HPE HPE 85 – Spring 2017 - Page 11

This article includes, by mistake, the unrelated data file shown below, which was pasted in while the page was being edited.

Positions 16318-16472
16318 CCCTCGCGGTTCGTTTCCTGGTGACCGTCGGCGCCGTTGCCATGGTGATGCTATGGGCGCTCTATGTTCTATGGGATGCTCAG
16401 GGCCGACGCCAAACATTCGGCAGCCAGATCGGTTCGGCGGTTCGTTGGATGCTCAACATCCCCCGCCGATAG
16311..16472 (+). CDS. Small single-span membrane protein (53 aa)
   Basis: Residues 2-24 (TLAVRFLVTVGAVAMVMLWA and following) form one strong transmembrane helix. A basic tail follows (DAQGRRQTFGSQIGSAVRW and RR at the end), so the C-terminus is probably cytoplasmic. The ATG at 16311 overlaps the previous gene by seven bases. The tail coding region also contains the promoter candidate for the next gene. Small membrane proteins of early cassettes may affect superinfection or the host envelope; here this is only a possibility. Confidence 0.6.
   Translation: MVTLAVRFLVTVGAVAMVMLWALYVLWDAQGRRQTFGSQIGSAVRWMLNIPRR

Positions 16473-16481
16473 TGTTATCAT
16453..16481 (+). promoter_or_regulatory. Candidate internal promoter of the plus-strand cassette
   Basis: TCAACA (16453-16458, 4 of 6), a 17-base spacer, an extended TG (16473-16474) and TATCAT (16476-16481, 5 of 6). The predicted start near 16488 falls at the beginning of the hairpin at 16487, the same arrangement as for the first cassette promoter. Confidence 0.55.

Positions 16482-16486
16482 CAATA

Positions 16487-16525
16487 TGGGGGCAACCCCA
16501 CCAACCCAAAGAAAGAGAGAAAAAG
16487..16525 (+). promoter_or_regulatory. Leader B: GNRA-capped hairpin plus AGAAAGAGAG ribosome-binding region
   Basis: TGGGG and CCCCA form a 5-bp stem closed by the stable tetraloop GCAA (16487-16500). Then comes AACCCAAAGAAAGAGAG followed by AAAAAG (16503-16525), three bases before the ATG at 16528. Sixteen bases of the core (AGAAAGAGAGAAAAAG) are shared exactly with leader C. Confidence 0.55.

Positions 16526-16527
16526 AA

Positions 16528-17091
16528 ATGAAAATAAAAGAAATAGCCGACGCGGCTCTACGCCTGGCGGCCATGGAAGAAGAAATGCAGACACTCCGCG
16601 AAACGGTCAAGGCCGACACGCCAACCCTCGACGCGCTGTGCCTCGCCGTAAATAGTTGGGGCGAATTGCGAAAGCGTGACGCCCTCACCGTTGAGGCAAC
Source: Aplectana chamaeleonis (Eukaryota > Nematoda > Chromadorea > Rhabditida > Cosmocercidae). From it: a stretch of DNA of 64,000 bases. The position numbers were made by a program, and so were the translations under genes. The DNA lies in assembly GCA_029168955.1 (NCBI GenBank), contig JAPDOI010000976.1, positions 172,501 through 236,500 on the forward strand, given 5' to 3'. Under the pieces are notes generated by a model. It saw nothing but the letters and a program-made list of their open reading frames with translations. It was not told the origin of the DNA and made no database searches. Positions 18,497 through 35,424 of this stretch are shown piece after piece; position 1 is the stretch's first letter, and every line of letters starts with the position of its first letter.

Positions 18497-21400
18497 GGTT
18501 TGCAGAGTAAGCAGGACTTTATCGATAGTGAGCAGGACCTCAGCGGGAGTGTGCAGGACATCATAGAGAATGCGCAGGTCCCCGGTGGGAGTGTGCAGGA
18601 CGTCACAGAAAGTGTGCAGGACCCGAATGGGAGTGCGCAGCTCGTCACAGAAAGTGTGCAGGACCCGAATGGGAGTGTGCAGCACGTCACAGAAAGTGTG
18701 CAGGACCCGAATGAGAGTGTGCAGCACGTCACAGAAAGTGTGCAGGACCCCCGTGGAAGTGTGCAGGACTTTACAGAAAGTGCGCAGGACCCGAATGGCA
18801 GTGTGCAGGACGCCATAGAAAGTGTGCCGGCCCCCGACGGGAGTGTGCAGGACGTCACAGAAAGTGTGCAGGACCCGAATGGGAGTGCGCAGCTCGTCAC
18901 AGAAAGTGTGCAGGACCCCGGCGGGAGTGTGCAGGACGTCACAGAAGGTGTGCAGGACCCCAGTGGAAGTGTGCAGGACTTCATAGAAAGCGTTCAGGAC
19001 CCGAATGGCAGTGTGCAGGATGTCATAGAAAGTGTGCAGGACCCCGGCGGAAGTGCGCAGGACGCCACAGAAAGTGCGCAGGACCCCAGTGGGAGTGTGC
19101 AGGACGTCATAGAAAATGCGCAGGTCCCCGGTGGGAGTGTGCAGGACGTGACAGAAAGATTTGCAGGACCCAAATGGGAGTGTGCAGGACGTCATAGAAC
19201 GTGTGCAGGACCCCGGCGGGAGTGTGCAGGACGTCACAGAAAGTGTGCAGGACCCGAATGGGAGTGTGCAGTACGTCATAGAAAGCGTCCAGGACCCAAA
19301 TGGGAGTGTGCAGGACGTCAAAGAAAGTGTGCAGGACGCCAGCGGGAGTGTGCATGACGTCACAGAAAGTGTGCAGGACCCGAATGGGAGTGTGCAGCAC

Symposium report Issue 85 | Spring 2017 Understanding closed system transfer devices Containment of hazardous drug vapour by closed system transfer devices is critical; new test methods are providing valuable insights into the performance of these devices and recent studies are suggesting new potential applications Christine Clark Freelance Medical Writer The use of closed system transfer devices (CSTDs) should be obligatory whenever cytotoxic or other hazardous drugs are prepared, administered or disposed of, according to Paul Sessink (Managing Director, Exposure Control, Sweden). This is because occupational exposure to cytotoxic drugs poses recognised risks of mutagenicity, carcinogenicity and reproductive toxicity. However, engineering controls, such as biological safety cabinets, do not always provide adequate protection for workers. Studies with CSTDs show substantial reductions of environmental contamination with cytotoxic drugs when the devices are used – and this should reduce potential adverse health effects. A further point to note is that CSTDs are containment devices and the use of such devices has a higher priority in the hierarchy of protection measures than engineering controls, administrative controls and personal protective equipment. Dr Sessink drew attention to a recent publication of the European Biosafety Network, which calls for a common (European) definition of CSTDs, including the technical specifications to be met by a medication transfer system to be considered as a closed system, and harmonised protocols for testing CSTDs. 1 Challenges in selecting a CSTD Selecting a suitable CSTD is not always a straightforward process, explained Jay Brown (Director of Pharmacy Oncology, Specialty and Infusion Services, Novant Health Oncology Specialists, Winston- Salem, North Carolina, US). An ASHP Dr Paul Sessink survey published in 2012 showed that only 21% of health institutions had previously used CSTDs. 2 The available CSTDs are based on several different mechanisms to achieve ‘closedness’ and may not be directly comparable. For example, some rely on a physical barrier or expansion balloon to contain drug vapours or aerosols and others use filtration or air cleaning systems. In addition, different methods of assessment have been used to support claims of being ‘closed systems’. The decision about which CSTD to use may also be driven by outside influences such as the nursing leaders’ views and costs to the institution, he added. United States Pharmacopeia (USP) General Chapter 800 provides standards for safe handling of hazardous drugs to minimise the risk of exposure to healthcare personnel, patients and the environment. It recommends evaluation of existing CSTDs based on published, peer-reviewed data and containment studies. It also requires the use of a CTSD in hazardous drug administration, emphasised Dr Brown. However, it does not require the use of CSTD in compounding of hazardous drugs and it does not guarantee 100% hazardous drug containment through the use of CSTDs. In 2014 the Food and Drug Administration (FDA) created a product code specifically for CSTDs (the FDA ONB code). This define